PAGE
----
Clarifying Causation in Tort
Dalhousie Law Journal, Vol. 33, No. 1, p. 153, Spring 2010
37 Pages Posted: 15 Aug 2009 Last revised: 21 Feb 2011
Date Written: August 13, 2009
This article about causation in negligence law is different from past attempts at unraveling causation in Canada. It argues that there is nothing overly confusing about the law of causation in negligence. Rather than lament the confusing state of affairs or argue for a new causation test, the article attempts to define the current state of causation in Canadian negligence law with a simple goal in mind – to have a clearer, more productive conversation about the law with the fundamental concepts clearly and unobtrusively on the table. Such clarification should hopefully augment and streamline discussions among courts, commentators, and lawyers about this seemingly thorny subject. To date, writings about causation in tort have focused largely on the mess of the entire subject and how so much is confusing and undefined.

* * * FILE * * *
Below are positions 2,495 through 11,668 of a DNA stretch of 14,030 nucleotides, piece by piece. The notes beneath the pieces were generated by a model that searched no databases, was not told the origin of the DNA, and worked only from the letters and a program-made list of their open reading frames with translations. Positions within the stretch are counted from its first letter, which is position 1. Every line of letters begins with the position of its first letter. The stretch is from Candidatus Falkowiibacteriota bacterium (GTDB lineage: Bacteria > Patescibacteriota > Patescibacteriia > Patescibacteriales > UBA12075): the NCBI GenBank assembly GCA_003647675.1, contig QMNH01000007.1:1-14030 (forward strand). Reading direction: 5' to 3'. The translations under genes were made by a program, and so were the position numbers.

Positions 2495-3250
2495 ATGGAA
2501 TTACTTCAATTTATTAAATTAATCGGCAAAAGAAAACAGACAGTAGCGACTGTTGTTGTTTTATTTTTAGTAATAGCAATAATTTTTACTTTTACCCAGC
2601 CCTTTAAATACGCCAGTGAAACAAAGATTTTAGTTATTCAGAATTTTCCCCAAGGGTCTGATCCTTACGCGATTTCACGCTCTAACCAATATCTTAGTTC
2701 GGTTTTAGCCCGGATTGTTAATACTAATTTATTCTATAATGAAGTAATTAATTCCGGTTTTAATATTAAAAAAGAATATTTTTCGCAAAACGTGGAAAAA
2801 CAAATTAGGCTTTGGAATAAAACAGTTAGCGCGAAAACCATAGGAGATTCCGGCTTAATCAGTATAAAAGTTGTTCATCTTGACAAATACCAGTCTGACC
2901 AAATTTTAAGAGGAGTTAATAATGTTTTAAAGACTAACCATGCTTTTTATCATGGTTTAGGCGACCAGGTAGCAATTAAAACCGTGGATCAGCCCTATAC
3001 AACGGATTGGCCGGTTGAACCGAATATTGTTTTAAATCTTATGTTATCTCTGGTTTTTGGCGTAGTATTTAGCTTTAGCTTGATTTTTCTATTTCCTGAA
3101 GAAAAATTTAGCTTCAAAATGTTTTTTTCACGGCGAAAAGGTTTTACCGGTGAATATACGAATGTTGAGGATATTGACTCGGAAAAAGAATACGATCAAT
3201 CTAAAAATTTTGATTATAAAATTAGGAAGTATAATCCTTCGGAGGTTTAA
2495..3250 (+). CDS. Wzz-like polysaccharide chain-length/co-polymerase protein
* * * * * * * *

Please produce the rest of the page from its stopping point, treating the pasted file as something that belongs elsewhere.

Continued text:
This article proceeds on the foundation that the leading Canadian cases on causation should not be read like cryptic advice from isolated fortune cookies, with each word taking on ominous significance. The cases are a continuum of conversations about an important topic in tort law. This article offers a cohesive framework to the law by taking a longitudinal perspective and focusing on the simple themes of Canadian tort law present in the causation jurisprudence: the doctrinal tests for causation, evidence for proving causation, thin skulls, and crumbing skulls. Avoiding emphasis on a case-by-case dissection approach, this article instead combines the relevant jurisprudence in an understandable scope. At the centre of the analysis is the bedrock principle that the negligence system is a fault-based system which relies on proving a connection between a defendant’s wrongful behaviour and a plaintiff’s injury.
Keywords: Tort, causation, negligence, Canada
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